They have been called “suicide outbreaks,” “suicide epidemics,” or “copycat suicides”—when multiple suicides occur in a community in a short period of time, usually among teenagers and young adults. Suicide clusters are somewhat of a mystery: why does a suicide lead to an “outbreak” of many more in some communities but not in others?
To help answer that question, a group of researchers at Columbia University, led by Dr. Madelyn Gould, a professor of epidemiology in psychiatry, examined the influence of media coverage in the initiation of suicide clusters in a study published in Lancet Psychiatry last month. Although research has shown that press reports are associated with suicide spikes nationally, no study had yet examined how they might influence suicide clusters.
Dr. Gould and her colleagues examined the period between 1988-1996 looking at news reporting in various communities around the country in the aftermath of the first suicide of a cluster. They compared this to coverage in communities that saw just one suicide. They found that there were significantly more news stories in cluster communities than in isolated suicide communities, suggesting an association between reporting on suicides and suicide clusters. Newspapers in the cluster communities gave more prominent and detailed coverage of suicidal individuals, such as front-page placement, photography, headlines containing the word “suicide,” specification of the method used, and a more detailed description of the person and how he or she committed the act.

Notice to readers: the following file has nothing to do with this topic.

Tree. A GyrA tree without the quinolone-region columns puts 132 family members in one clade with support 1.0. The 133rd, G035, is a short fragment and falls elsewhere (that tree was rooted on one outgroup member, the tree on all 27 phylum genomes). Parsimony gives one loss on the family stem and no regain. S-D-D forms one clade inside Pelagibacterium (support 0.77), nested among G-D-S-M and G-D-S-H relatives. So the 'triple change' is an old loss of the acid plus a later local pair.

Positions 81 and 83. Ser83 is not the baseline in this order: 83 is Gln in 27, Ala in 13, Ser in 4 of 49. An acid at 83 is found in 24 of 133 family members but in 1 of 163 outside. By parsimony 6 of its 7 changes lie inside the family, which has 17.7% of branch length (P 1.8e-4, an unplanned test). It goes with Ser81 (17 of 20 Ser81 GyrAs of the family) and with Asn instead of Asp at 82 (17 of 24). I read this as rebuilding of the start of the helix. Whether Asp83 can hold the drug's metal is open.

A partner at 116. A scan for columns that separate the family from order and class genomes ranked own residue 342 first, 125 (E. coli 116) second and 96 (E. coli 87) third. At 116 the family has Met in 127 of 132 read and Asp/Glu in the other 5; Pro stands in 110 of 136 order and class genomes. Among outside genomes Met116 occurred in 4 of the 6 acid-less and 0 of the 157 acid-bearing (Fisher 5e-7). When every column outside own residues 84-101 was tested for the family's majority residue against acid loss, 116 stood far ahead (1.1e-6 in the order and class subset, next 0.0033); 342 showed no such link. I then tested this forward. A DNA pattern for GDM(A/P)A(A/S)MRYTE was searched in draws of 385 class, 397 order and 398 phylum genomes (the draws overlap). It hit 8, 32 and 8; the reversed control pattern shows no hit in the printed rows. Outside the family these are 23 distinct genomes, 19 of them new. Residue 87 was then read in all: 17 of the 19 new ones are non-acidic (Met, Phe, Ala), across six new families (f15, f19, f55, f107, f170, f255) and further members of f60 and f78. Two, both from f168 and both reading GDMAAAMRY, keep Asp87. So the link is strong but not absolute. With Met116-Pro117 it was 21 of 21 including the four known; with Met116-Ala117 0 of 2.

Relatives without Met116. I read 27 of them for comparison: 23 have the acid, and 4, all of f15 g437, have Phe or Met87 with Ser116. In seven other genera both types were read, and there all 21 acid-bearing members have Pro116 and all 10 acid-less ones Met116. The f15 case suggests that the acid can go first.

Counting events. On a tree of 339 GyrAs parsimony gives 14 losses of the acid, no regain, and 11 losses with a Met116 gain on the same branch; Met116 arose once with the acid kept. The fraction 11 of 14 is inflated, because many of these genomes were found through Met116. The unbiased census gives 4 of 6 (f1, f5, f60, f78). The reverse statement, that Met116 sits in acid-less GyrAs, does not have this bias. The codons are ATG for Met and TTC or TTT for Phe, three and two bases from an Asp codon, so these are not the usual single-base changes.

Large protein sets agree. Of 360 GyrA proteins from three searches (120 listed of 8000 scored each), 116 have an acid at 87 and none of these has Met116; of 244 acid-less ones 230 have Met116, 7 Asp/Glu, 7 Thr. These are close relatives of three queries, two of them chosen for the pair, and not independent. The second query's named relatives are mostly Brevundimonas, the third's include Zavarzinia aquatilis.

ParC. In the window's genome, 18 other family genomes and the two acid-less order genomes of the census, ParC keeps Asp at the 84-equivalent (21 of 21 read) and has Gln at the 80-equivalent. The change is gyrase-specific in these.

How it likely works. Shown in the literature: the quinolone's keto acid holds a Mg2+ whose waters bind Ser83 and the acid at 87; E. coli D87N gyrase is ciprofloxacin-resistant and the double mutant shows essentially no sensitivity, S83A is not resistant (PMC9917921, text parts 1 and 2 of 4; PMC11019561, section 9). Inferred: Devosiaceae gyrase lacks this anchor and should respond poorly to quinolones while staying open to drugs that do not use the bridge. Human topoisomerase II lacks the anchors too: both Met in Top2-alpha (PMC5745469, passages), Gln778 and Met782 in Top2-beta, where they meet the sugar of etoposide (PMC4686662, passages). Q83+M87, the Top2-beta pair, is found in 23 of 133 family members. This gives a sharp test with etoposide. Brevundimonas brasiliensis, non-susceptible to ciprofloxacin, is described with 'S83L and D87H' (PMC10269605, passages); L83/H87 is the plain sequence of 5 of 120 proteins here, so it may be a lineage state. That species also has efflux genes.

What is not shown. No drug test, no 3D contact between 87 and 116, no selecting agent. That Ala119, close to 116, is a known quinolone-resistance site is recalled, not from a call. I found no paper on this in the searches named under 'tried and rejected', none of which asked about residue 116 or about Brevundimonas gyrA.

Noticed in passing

The researchers only observed the association in the coverage that focused on a suicidal individual—as opposed to stories that covered suicide more generally. This “supports the theory that the media effect operates through the mechanism of identification with a model…. [T]he models with the most effect are those who are either similar to the reader (i.e., another teenager) or revered by him or her (e.g., a celebrity),” the authors write.
The authors controlled the study so that nothing about the suicides they examined would have led to varying coverage in the comparison groups—such as how graphic or public a suicide was.
Although the study does not prove causality, the authors suggest theories for why media coverage could influence suicides. Repeated coverage may normalize suicide in the eyes of young, vulnerable people, according to one theory, or it may “prime” latent thoughts in already suicidal youth, according to another theory.
Media guidelines on how to cover suicide, which have been published by the World Health Organization, among other sources, can be helpful.
“In light of the extensive use of social media by teens, we hope our current findings will stimulate research on social media’s impact on suicidal behavior. We also would recommend that our suggestions for responsible reporting about suicidal individuals be applied by all who generate suicide-related stories via social media, which would include teens, as well as media professionals,” the authors say.
Edited by Barbara Aaron and Dana March